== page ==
In our last post, we touted GE’s recent presence at AUVSI. It was a great event, but, if we’re being honest, GE Intelligent Platforms was not the star attraction at the GE booth. That distinction would go to our big-brained colleagues from the GE Global Research Center (GRC) in Schenectady, N.Y., who had visitors ooh-ing and aah-ing over their whiz-bang thermal management technology (more later on this one).
Our customers rarely get to interact with the GRC, but it’s a huge part of what keeps GE at the forefront of innovation. A recent report from Capital Alpha Partners shows that, in most of the defense industry, R&D expenditures have been tailing off over the past decade, even as defense budgets were climbing to historic highs. GE has taken a different approach. We spent over $5 billion annually at the last count. Most of that money flows through the GRC, or one of the satellite GRC facilities around the globe.
If you compare the amount we spend at the GRC on foundational R&D, it actually dwarves what any of the services spend individually on equivalent science and technology accounts (6.1 and 6.2 budget codes) projects. In fact, DOD-wide the US spends approximately $8.1 billion, by my count (pre-sequestration); it’s pretty amazing that a private company is spending well more than half that amount. And many of the technologies the GRC is developing end up in our products and, ultimately, on the battlefield.
And this brings me back to that neat cooling system we were showing off at AUVSI. GE is leading the way in developing boards and systems that maximize performance while minimizing size, weight and power (SWaP). A byproduct of all that performance in a small space is, of course, massive amounts of heat. The more power an embedded computing board consumes, the more heat it dissipates. That’s a problem because heat is the enemy of reliability—and reliability in the mil-aero world is, literally, a matter of life and death.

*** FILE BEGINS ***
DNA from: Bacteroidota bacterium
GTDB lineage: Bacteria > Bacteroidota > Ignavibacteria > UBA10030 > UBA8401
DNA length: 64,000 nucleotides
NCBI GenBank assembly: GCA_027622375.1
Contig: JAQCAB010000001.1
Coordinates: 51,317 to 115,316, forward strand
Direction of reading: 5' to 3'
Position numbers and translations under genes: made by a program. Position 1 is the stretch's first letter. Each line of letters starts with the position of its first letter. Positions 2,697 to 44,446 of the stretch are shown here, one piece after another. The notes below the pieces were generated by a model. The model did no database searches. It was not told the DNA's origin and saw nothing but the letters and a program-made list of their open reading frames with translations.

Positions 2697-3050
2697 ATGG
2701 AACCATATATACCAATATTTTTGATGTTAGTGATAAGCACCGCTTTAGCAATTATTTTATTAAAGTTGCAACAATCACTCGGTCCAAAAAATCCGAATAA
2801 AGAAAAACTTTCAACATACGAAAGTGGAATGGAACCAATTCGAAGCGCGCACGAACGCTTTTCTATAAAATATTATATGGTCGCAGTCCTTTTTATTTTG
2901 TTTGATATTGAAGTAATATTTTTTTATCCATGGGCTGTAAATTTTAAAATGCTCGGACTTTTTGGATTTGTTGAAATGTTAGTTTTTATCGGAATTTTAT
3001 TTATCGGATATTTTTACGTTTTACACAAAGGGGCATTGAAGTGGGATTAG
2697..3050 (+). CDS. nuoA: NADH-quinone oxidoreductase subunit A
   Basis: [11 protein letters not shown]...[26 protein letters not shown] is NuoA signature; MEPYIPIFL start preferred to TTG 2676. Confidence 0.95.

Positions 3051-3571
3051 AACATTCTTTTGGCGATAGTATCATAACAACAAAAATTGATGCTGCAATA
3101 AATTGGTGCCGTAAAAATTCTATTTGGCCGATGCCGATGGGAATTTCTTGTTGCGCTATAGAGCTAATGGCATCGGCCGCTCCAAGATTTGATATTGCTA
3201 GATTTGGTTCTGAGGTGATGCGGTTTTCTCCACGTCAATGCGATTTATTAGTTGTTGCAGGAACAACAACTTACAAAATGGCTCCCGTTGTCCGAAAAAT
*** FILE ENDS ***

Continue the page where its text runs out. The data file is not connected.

So…how to dissipate all that heat? In systems that aren’t mission-critical, you’d just deploy lots of fans. Fans, however, aren’t known for their reliability. Various convection and conduction approaches are possible to deliver the heat dissipation necessary in a military platform—and they’re highly effective. So effective that approaches like spray cooling have never really caught on.
What the GRC has pioneered is a technology called “Dual Cool Jets,” which allows heat to be removed from an embedded system without the low mean time between failures that is typical of standard fans. Here, you can see Bill Gerstler demonstrating the effects of this cooling method.
But there are limits on how much heat can be extracted this way, as can be seen in the live infrared image on the monitor. This shows that some parts of the box readily reach 85 degrees or more with just a modest power loading in the chassis. At peak performance, the temperature would reach the level at which reliability becomes a real problem.
But by flipping a switch, Bill was able to activate the cool jets (seen as a yellow/green package mounted on top of the chassis). Within seconds, the temperature of the system as measured by the IR camera could be seen to drop by some 30 degrees. Look to see GE deploying this technology in the field very soon.
The cool jets are just the most recent example of the advantage our customers derive from the GRC. With the investments GE continues to make in innovation, it will hardly be the last.